Wednesday, September 7, 2011

Lessons from Jack Vol. 1

Today, my sweet baby is 8 months old.  The transition from 7-8 months was a tough one for young Jack.  Some nights I'd hear this mournful little moan from his crib and as I looked down at him he'd be pawing at his mouth.  Somewhere, tiny sharp teeth are making their way down his gums electrifying every nerve ending and causing plump tears to fall onto his cheeks.  I'd pick him up and hug him and hold him and he'd rest his head on my shoulder for 5, maybe 10 seconds and before I knew it, his head would pop up and he'd be staring out into the dark room.  In the moonlight, I could see the look of realization hit his face- even in the midst of all of this pain, I am home, things look familiar.  I haven't descended into some dark scary place, it just feels that way.  I can get through this.  This mama person who is always here hasn't left me yet.  I'll be ok.

And that, my friends, is one of the first lessons I have learned from my baby.  Fear is fleeting, pain is temporary.  It might appear that we have descended into some dark scary place, but in reality, we are always right where we need to be and the people we love who love us in return are only a little whimper (or phone call if you have the fine motor skills) away.

Aside from the teething, Jack formed some pretty intense separation anxiety last month.  Whether it was a quick trip to the fridge or the bathroom, the minute I left the room I'd hear his breath quicken and then came the scared little whimpers until he saw me again.  I admit, it can be stressful to be the only person at home with a baby who won't let you leave his sight.  I'd drag his exersaucer all over the house with me so he knew I was always nearby.  This past month is when I truly realized how scary this brave new world must be for him.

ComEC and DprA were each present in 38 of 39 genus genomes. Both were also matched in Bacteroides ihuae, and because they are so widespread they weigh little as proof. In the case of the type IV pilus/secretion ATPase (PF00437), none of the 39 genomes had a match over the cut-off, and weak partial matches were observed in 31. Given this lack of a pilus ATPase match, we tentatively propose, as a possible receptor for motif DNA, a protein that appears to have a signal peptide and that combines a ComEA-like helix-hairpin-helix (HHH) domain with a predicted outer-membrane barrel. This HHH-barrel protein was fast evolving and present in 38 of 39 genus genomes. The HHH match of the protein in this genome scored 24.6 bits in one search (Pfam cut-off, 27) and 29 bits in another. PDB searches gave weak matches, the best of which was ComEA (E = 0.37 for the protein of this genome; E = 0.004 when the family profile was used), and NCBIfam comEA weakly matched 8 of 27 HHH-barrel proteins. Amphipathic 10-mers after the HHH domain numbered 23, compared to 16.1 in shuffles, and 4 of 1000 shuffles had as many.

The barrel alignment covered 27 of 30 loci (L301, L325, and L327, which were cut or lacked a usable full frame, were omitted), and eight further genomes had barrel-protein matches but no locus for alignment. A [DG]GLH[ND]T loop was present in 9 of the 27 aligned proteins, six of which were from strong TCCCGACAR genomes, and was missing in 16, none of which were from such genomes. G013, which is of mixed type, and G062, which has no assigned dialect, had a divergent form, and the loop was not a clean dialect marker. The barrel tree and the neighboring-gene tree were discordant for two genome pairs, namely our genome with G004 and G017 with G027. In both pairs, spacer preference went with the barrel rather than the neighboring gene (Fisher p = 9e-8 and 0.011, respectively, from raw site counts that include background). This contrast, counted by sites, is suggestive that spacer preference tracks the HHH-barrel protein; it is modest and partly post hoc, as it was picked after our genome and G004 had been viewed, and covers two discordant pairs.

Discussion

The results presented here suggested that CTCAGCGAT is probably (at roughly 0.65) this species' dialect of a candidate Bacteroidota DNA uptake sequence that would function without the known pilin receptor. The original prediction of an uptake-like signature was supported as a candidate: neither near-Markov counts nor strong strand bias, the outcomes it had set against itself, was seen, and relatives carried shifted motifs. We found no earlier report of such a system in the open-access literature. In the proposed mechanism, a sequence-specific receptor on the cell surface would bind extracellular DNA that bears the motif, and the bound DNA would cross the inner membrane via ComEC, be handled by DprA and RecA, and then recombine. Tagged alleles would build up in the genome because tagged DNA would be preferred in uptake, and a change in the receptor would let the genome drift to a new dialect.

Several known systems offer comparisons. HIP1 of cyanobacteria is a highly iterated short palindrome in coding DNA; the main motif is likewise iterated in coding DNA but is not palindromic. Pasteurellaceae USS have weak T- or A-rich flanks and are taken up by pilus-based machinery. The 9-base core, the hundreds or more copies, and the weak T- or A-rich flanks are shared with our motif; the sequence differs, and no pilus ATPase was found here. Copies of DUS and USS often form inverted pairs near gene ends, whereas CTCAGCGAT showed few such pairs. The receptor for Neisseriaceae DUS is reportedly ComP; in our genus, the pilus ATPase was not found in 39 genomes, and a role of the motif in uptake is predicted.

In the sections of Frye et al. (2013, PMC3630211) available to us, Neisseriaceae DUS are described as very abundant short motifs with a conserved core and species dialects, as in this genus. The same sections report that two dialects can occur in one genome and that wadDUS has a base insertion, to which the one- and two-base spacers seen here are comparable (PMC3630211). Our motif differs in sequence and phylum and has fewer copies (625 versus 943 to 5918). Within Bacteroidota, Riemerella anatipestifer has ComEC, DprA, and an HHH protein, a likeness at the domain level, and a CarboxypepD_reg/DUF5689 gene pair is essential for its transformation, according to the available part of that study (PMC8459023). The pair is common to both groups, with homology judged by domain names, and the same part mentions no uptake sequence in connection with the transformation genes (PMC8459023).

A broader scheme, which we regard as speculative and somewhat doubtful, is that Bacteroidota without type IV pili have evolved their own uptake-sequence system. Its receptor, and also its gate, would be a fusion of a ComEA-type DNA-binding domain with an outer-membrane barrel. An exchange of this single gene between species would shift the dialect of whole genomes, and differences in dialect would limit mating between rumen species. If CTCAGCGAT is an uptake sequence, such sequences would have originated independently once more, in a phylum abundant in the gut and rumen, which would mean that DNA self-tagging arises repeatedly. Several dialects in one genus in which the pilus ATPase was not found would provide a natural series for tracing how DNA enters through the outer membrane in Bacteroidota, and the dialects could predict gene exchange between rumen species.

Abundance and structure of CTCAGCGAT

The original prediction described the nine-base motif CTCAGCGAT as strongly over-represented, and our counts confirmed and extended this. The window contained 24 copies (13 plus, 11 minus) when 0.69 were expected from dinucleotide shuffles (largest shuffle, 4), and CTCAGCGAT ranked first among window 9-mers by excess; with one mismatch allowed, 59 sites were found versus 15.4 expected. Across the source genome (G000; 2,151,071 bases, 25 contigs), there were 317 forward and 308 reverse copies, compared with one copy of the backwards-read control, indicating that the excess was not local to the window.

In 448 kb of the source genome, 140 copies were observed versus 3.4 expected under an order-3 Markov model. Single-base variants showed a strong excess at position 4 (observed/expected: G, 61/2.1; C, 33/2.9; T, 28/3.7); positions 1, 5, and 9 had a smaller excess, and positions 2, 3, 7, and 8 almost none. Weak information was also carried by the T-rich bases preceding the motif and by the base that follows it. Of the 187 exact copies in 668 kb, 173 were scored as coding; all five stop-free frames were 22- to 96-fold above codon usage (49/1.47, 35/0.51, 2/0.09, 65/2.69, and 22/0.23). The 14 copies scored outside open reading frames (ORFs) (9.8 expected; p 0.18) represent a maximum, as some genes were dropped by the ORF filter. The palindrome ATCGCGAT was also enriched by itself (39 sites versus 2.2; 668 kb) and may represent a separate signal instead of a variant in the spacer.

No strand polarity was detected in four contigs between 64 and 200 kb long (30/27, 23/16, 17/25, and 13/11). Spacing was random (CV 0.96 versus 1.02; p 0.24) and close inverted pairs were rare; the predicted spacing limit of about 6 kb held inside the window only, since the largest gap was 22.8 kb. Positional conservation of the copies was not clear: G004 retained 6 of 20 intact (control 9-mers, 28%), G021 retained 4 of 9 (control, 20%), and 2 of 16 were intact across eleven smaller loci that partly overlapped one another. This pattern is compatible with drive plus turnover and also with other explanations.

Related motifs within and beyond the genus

Here is a passage from one of my favorite books "Orbiting the Giant Hairball" by Gordon Mackenzie

Before you were born, God came to you and said:
Hi, there! I just dropped by to wish you luck and to assure you that you and I will be meeting again soon, before you know it.   You’re heading out on an adventure that will be filled with fascinating experiences. You’ll start out as a tiny speck floating in an infinite dark ocean, quite saturated with nutrients, so you won’t have to go looking for food or a job or anything like that. All you’ll have to do is float in the darkness,and grow incredibly,and change miraculously. You’ll sprout arms and legs and hands and feet and fingers and toes. As if from nothing, your head will take form. Your nose, your mouth, your eyes and ears will emerge.
As you continue to grow bigger and bigger you will become aware that this dark, oceanic environment of yours – which, when you were tiny, seemed so vast is now actually cramped and confining. That will lead you to the unavoidable conclusion that you’re going to have to move to a bigger place.
After much groping about in the dark, you will find an exit, the mouth of a tunnel.  “Too small” you’ll decide “couldn’t possibly squeeze through there.”
But there will be no other apparent way out, so with primal spunk, you will take on your first “impossible” challenge and enter the tunnel.
In doing so, you will be embarking on a brutal, no-turning-back, physically exhausting, claustrophobic passage that will introduce you to pain and fear and hard physical labor. It will seem to take forever, but mysterious undulations of the tunnel itself will help squirm you through and finally, after what will seem like interminable striving, you will break through to a blinding light.